I don't like scheduling vacations. I usually like vacations once I'm on them, but I find the process of scheduling them excruciating.
An aside: did you ever notice that the word "excruciating" has "cruc" in it, and that it almost certainly refers to Jesus' agony on the Cross? I notice things like that all the time, but I find that mentioning them rarely interests other people as much as it does me. I just looked it up in a Dictionary, right here, and this is what I found: "Etymology: Latin excruciatus, past participle of excruciare, from ex- cruciare to crucify, from cruc-, crux cross". So it is about the True Cross. It's always interesting to see how much religion permeates language.
So, back to vacations.
- what type of vacation (beach / relaxation, adventure, family visit, wedding)
- where it will take place
- when it will be
- how it will impact work projects
- how/when to schedule the absence with work
- how the cat will fare
- whether taking this vacation will interfere with or conflict with any obligations, either pre-existing or supposed
Let's just say that dealing with time and scheduling isn't my very strongest suit, so it isn't easy for me. Add to that problem that I like to nail down the variables before making a decision, and that my girlfriend's work by necessity schedules her time several months in advance, and you can see that scheduling vacations wouldn't tend to be my favorite thing.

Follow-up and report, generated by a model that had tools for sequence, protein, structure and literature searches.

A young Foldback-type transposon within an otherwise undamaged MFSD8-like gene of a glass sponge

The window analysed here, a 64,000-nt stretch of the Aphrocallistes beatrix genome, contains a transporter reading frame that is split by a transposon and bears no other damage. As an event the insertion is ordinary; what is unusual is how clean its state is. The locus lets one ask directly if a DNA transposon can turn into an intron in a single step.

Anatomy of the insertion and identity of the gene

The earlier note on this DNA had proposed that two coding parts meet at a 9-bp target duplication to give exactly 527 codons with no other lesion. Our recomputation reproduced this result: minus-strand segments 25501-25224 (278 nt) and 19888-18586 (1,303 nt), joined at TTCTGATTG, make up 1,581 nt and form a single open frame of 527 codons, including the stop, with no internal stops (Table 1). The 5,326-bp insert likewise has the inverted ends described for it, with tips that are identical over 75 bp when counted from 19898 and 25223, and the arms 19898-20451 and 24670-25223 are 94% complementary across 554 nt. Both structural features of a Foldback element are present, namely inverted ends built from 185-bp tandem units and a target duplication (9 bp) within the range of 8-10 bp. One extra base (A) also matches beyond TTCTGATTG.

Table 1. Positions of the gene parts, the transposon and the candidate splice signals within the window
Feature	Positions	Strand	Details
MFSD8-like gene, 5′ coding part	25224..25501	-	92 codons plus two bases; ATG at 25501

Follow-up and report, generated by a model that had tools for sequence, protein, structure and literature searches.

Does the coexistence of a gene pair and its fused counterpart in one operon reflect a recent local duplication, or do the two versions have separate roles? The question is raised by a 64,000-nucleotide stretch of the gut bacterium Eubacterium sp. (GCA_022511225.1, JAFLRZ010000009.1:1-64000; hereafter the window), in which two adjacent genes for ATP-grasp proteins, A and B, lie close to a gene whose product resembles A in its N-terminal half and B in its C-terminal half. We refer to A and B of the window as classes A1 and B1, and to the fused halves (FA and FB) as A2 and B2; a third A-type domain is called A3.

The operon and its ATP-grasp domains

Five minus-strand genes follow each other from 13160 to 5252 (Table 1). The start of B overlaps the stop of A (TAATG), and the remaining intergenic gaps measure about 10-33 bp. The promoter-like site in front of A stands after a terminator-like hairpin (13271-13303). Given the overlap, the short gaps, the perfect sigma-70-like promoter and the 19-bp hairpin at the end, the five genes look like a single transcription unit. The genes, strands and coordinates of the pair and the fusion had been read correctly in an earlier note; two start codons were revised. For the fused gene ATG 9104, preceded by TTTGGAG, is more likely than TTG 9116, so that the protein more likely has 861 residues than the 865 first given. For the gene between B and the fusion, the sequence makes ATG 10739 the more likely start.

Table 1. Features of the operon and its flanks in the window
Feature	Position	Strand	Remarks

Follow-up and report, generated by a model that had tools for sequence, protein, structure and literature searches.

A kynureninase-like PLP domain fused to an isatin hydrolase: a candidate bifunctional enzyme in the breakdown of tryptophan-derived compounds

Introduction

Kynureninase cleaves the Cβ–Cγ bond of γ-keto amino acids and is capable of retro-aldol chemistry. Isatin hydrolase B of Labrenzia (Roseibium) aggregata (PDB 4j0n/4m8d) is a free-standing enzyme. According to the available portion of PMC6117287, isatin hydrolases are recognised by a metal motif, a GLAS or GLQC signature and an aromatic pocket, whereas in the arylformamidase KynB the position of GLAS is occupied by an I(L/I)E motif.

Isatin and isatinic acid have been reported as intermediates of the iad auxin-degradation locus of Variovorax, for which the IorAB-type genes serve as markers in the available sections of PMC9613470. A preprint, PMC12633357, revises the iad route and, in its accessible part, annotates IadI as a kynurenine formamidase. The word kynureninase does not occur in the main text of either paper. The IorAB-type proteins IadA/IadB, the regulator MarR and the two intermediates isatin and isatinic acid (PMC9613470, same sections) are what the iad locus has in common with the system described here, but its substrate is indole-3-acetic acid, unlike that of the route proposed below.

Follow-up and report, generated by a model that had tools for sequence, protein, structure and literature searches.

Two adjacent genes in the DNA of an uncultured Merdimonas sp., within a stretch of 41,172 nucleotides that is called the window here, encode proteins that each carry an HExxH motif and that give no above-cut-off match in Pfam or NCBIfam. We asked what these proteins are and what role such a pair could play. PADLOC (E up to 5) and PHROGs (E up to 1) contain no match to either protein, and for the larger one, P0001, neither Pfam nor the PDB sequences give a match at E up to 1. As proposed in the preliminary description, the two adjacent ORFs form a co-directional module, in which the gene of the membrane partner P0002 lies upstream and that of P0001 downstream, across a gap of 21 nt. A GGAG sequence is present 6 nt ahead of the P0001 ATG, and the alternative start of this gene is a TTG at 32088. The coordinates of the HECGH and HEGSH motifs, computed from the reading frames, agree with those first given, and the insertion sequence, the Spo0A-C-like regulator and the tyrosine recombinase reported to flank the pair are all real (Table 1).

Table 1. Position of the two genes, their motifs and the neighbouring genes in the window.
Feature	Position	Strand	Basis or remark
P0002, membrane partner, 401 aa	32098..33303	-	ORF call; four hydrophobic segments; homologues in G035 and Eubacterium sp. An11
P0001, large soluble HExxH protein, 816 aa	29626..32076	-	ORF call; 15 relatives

Then there's the question: what do we expect to get out of the vacation--here are some possibilities:
- fulfilled obligations
- happier family
- education re cultures, languages, geographies, etc.
- accomplishment, building or enhancing skills
- break from work
- creative time
- personal exploration and/or relationship expansion with mate or friend(s)
- getting stuff done around home like construction, mechanical or beautification projects
I'm sure there are innumerable other things that we could get out of a vacation, but you get the gist.
Part of what makes planning vacations so difficult is that we get so little time for them. This in turn can lead to a great deal of expectation, importance and meaning that weighs down the vacation itself. It's so short that we tend to try to make it perfect, instead of just flowing with whatever happens. I know people who have reportedly spent an entire vacation thinking things like: "this train is late", "why can't it be sunny", "it looked way better on the web site", and the like. This doesn't lead to happy vacations or happy memories of them either.
This year many of my girlfriend's girlfriends are getting married, plus she's in the "hazing" part of her career--so she's on call a lot and has less vacation than she will later on. So practically all "vacation" is tied up in these friends' weddings. So it's much more stressful than just going to a resort or some such.
Live well, generalist